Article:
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The 6 Secrets To Getting Rich On Wall Street

The 6 Secrets To Getting Rich On Wall Street

Posted On May 19, 2021 12:01 pm
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It’s been an odd recession, to say the least. If you had told people that the worst pandemic in over a century was going to lead to the worst recession in 75 years, most people would have assumed the S&P was going to crater.

Initially, it did, falling 34% in three weeks, the fastest bear market in history.

But we’ve also seen record fiscal and monetary stimulus, including three rounds of stimulus checks totaling $3,200 for most Americans.

With interest rates hitting record lows, and commission-free trading now standard, we’ve seen speculative bubbles inflate to boggle the mind.

Consider this. Dogecoin was a joke, a literal parody of Bitcoin and Ethereum.

It was designed with no utility, and yet had you invested all of your stimulus money into this joke cryptocurrency, you’d have recently peaked at about $500,000.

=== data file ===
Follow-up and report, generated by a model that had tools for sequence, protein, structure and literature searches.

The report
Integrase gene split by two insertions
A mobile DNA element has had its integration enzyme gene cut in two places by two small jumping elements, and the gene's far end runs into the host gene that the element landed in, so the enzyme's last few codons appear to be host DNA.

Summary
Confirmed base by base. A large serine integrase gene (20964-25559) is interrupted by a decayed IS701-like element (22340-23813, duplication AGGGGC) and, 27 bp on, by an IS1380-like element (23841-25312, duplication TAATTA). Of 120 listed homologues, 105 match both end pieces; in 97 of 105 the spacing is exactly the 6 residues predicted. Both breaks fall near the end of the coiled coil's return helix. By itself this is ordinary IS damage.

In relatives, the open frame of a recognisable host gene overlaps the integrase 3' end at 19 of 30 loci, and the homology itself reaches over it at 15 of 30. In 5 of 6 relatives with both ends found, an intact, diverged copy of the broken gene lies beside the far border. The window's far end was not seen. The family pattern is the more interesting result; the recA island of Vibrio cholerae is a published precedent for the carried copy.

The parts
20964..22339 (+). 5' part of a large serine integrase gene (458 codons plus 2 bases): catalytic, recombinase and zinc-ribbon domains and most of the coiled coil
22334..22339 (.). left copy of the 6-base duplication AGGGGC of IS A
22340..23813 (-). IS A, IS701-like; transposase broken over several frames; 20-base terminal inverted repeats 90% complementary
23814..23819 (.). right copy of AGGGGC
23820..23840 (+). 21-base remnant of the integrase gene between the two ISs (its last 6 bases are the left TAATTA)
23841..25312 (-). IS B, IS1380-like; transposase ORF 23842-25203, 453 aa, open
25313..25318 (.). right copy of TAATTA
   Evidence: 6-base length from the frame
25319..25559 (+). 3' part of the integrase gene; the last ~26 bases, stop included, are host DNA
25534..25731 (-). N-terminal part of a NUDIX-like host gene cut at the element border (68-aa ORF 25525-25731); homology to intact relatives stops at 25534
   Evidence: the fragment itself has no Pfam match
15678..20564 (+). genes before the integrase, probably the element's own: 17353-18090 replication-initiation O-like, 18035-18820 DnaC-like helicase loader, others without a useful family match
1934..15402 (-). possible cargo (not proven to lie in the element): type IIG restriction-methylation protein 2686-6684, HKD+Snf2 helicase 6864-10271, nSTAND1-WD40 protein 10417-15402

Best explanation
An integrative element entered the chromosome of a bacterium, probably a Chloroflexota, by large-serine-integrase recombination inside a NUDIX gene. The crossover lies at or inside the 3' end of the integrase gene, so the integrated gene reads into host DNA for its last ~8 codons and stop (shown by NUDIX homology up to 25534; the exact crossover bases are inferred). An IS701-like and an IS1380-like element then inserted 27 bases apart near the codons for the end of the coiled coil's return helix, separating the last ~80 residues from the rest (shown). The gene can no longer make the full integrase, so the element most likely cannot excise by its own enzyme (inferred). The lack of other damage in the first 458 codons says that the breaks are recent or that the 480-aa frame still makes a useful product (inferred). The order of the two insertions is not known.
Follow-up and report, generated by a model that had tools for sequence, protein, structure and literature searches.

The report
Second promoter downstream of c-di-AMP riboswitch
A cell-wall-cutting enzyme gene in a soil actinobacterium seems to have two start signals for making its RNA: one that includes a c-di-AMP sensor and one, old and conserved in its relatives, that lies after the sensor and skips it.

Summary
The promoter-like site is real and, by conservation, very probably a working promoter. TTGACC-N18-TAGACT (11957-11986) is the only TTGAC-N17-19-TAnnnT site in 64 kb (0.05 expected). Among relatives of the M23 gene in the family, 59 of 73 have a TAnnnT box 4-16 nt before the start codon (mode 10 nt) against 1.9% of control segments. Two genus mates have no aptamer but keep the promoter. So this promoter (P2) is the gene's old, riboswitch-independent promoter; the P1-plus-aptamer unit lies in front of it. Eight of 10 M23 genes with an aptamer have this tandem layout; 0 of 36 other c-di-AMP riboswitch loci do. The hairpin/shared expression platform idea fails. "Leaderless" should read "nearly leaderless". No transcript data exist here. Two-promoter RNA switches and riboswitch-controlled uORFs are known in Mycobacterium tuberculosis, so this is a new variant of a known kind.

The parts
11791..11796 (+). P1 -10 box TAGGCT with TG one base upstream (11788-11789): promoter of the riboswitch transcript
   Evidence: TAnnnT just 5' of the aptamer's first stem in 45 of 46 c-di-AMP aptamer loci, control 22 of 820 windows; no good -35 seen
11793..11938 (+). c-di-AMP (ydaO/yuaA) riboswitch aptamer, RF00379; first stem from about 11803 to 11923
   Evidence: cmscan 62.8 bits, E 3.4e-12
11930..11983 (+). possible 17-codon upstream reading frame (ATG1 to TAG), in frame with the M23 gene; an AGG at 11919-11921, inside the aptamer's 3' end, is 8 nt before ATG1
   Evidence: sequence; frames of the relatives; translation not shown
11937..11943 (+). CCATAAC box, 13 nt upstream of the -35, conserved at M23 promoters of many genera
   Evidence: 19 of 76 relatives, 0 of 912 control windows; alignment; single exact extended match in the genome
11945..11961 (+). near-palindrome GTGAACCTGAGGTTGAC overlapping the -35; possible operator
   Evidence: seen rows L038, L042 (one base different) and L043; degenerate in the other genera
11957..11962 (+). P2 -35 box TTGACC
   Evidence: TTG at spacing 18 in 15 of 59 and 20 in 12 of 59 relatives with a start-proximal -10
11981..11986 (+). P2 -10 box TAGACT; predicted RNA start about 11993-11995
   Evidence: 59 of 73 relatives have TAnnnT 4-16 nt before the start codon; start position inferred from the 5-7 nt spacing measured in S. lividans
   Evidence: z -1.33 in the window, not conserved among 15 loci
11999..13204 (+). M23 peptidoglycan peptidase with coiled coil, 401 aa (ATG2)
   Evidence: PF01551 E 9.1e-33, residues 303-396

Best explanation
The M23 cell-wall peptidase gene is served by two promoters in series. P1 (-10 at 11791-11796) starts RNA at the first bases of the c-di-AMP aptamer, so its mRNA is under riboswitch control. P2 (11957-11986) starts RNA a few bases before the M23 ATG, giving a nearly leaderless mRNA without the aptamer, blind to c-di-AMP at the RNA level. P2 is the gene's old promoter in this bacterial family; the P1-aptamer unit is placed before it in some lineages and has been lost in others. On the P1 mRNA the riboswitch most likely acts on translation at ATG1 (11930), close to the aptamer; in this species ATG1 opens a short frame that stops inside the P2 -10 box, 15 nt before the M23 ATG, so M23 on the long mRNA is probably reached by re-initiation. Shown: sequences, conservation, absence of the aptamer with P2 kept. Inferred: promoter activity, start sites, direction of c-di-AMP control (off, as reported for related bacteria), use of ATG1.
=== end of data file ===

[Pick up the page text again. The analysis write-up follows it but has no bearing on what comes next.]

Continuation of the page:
A lifetime of investing returns, in about 18 months.

SPACs were red hot until recently. In fact, they were IPOing at 6 per day! Wall Street couldn’t get enough of them, until they crashed 33% with some, like Virgin Galactic (SPCE) falling 70% in a matter of weeks.

Cathy Wood’s ARK Innovation ETF (ARKK) soared over 150% in 2020, mainly driven by a 700% rally in Tesla (TSLA).

Not surprisingly, when you pay 76X forward earnings you’re asking for big crashes in the future. Tesla is even more overvalued but both ARKK and TSLA are now in bear markets, down about 35% off record highs.

Getting rich on Wall Street isn’t hard. The greatest investors in history have cracked the code of financial science, and even told us all what that code is.

Greatest Investors In History: Masters Of Financial Science 

Name Returns Time Horizon Most Famous For
Jim Simmons (Co-Founder Renaissance Technologies) 71.8% CAGR 1994 to 2014 (best investing record ever recorded) Pure Quant Based Investing
Joel Greenblatt 40% CAGR 21 years at Gotham Capital “Above-Average Quality Companies At Below-Average Prices”
George Soros 32% CAGR 31 years Valuation mean reversion, “Reflexivity” = Opportunities can be found by carefully studying the value and the market prices of assets
Peter Lynch 29.2% CAGR at Fidelity’s Magellan Fund 1977 to 1990 (13 years) “Growth At A Reasonable Price”
Bill Miller (Legg Mason Value Trust 1990 to 2006) 22.8% CAGR and beat the S&P 500 for 15 consecutive years 16 years